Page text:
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Researchers at the Keck School of Medicine of USC have used a stem cell-based bio-implant to repair cartilage and delay joint degeneration in a large animal model. This paves the way to potentially treat humans with cartilage injuries and osteoarthritis, which occurs when the protective cartilage at the ends of the bones wears down over time. The disorder affects millions worldwide.
The researchers are using this technology to manufacture the first 64 implants to be tested on humans with support from a $6 million grant from the California Institute for Regenerative Medicine (CIRM).
Researchers Dr. Denis Evseenko, and Dr. Frank Petrigliano led the development of the therapeutic bio-implant, called Plurocart. It’s composed of a scaffold membrane seeded with stem cell-derived chondrocytes, the cells responsible for producing and maintaining healthy articular cartilage tissue.
In the study, the researchers implanted the Plurocart membrane into a pig model of osteoarthritis, resulting in the long-term repair of articular cartilage defects. Evseenko said the findings are significant because the implant fully integrated in the damaged articular cartilage tissue and survived for up to six months. “Previous studies have not been able to show survival of an implant for such a long time,” Evseenko added.
The researchers also found that the cartilage tissue generated was strong enough to withstand compression and elastic enough to accommodate movement without breaking.
Osteoarthritis, an often-painful disorder, can affect any joint, but most commonly affects those in our knees, hips, hands and spine. The USC researchers hope their implant will help prevent the development of arthritis and alleviate the need for invasive joint replacement surgeries.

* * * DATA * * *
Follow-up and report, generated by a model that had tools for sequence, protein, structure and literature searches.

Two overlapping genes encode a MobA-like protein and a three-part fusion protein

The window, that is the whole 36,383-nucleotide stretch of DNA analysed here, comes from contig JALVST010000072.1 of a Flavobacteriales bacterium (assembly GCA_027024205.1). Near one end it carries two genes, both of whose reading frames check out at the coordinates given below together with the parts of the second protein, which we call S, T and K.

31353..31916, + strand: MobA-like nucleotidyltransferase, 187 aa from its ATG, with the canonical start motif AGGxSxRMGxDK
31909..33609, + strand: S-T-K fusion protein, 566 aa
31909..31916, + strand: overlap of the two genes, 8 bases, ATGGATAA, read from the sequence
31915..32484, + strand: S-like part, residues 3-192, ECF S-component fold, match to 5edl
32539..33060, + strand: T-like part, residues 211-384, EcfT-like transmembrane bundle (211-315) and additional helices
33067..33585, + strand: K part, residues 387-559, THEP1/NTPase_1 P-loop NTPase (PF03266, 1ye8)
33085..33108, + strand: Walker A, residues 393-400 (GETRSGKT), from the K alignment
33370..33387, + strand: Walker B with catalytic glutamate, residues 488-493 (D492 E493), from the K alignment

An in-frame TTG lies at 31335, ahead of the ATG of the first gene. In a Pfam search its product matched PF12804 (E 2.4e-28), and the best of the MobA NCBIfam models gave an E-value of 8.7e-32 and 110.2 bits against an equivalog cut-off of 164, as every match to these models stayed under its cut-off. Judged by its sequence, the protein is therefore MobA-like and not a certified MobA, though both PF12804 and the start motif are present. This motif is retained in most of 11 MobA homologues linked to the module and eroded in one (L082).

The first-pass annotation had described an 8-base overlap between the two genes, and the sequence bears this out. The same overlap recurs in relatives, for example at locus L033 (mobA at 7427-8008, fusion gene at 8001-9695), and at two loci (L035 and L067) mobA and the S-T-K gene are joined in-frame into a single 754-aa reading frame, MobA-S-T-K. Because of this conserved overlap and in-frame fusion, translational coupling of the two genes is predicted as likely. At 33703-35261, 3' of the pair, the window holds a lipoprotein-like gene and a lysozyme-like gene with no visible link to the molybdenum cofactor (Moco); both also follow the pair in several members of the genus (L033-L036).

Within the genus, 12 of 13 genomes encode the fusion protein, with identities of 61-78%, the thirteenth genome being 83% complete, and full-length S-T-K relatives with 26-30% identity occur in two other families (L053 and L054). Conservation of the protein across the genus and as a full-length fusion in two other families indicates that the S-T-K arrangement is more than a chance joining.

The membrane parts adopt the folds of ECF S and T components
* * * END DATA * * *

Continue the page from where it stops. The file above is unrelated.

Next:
“Many of the current options for cartilage injury are expensive, involve complex logistical planning, and often result in incomplete regeneration,” said Petrigliano. “Plurocart represents a practical, inexpensive, one-stage therapy that may be more effective in restoring damaged cartilage and improve the outcome of such procedures.”
Read the full study here and learn more about the CIRM grant here.
3 thoughts on “Researchers develop a stem cell-based implant for cartilage restoration and treating osteoarthritis”
Stem cells require growth factors for growth and differentiation. During maturation processes, stem cells require many stages of maturation before attaining into fully mature and functioning cells. Each stage of maturation, progenitors response to growth factors for growth and differentiation. They differentiate into different phenotypes and genotype and change their response from one growth factor to another growth factor. Thus, each stage of maturation, progenitors response to different growth factors before the progenitors reaching the state of fully maturation and functioning.
Current clinical trial developed therapeutic bioimplant called Plurocart which composed of scaffold membrane seeded with stem cell-derived chondrocytes. These tissues are responsible to produce and maintain healthy articular cartilage tissue. Results of preclinical trial in pig models showed long-term repair of articular cartilage defects.
Although pig model has high homologous (80%)of immune system to humans. Human and human with closely related match of restriction markers face graft versus host response during transplantation of of one organ or tissue to another . In the early stage of maturation, both autologous and allogenic progenitors of donor are easily integrated into recipient’s body without showing signs of rejection. Once the progenitors attending fully maturation, they may cause havoc to safety and health of recipients. It is highly recommended that long -term follow up are essential to safeguard the safety and health of patients receiving new cell-based therapy.
Hi Im 69 active left knee can you help and how much does it costs ? thank you
Hi Emy, sorry to hear about your knee problems. We are a state agency and while we do fund research we don’t do any ourselves, nor do we offer any treatments. You would have to contact the researchers/clinic involved directly to find out that information. Good luck.